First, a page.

Luke 24:27, and 44: Every Verse In The Bible Is Not About Christ
A supposed “proof text” used by Sonship / GS proponents is Luke 24:27 and 24:44: “And beginning with Moses and all the Prophets, he explained to them what was said in all the Scriptures concerning himself.” And, “He said to them, ‘This is what I told you while I was still with you: Everything must be fulfilled that is written about me in the Law of Moses, the Prophets and the Psalms’” (verse 44).
Supposedly, these verses demonstrate that all of Scripture is about Christ. Let me be clear; if someone wants to say that every verse in the Bible is about what Christ says / commands / teaches / demonstrates, I agree wholeheartedly, but that’s not what GS proponents are saying. They are saying, with an ever-so slight twist and a wink, that all of Scripture is about Christ as a “person.” Instead of focusing on what Christ says, the goal now is to discover who He is personally so you can have an “intimate” relationship with Him. Nobody knows what that means exactly—it just sounds spiritual. Certainly, it sounds more spiritual than living by “a bunch of rules and a list of do’s and don’ts.” Bingo, you have gone from the objective to the subjective; now you can teach anything you want to teach. And trust me, they do. We are not yet trying to ascertain from Scripture what Jesus’ favorite color is, or His favorite food, but give it time—maybe till the next Francis Chan book.
However, to begin with, Christ wasn’t even saying that all Scripture concerns Him. The totality of Scripture available at that time was the Old Testament, and had three divisions: the law, the prophets, writings (which included the Psalms). Most historians think that this is how the OT was divided at that time (actually, the evidence is pretty solid). The order was later changed in the Septuagint (LXX). So in Luke 24:44, why did Jesus only mention the Psalms in the writings part / division? Normally, when Jesus spoke of the OT as a whole, he used the term, “Law and the Prophets” (Matthew 5:17) or just “Law” (Matthew 5:18). A good explanation can be found in “The Infallible Word” written by the Westminster Theological Seminary faculty in 1946 (when their faculty had their right minds).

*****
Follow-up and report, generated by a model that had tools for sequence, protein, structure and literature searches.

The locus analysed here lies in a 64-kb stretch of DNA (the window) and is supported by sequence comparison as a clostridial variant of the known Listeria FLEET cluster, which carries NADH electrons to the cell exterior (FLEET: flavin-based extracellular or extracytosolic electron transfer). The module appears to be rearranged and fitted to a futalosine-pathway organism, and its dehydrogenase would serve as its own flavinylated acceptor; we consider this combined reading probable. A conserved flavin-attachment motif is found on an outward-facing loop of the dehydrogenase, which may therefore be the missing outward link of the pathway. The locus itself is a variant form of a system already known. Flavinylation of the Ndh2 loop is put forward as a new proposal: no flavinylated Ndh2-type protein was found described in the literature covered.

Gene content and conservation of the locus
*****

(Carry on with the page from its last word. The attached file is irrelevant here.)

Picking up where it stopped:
In the book, Edward Young attributes Luke 24:44 to the idea that Christ was speaking only of those scriptures that He prophetically and historically fulfilled, not the Sonship / GS idea that all Scripture is Christocentric. Here is what he said on page 61:
“What, however is meant by Christ’s use of the word ‘psalms’? Did he thereby intend to refer to all the books in the third division of the canon, or did he merely have in mind the book of Psalms itself? The latter alternative, we think, is probably correct. Christ singled out the book of Psalms, it would appear, not so much because it was the best known and most influential book of the third division, but rather because in the Psalms there were many predictions about himself. This was the Christological book, par excellence, of the third division of the Old Testament canon.
Most of the books of this third division do not contain direct messianic prophesies. Hence, if Christ had used a technical designation to indicate this third division, he would probably have weakened his argument to a certain extent. But by the reference to the Psalms he directs the minds of his hearers immediately to that particular book in which occur the greater number of references to himself.”
In the estimation of the Westminster faculty during that time, the whole Bible isn’t a “Christological book, par excellence” as it is more than fair to say of the GS mantra, but only the Psalms, which is a “particular” book having a “greater number of references” to himself [Christ]. “Greater number” of…, obviously implies that their view wasn’t in alignment with a comprehensive soteriology, but rather the latter being among other revelations of God’s will and character, although a major theme.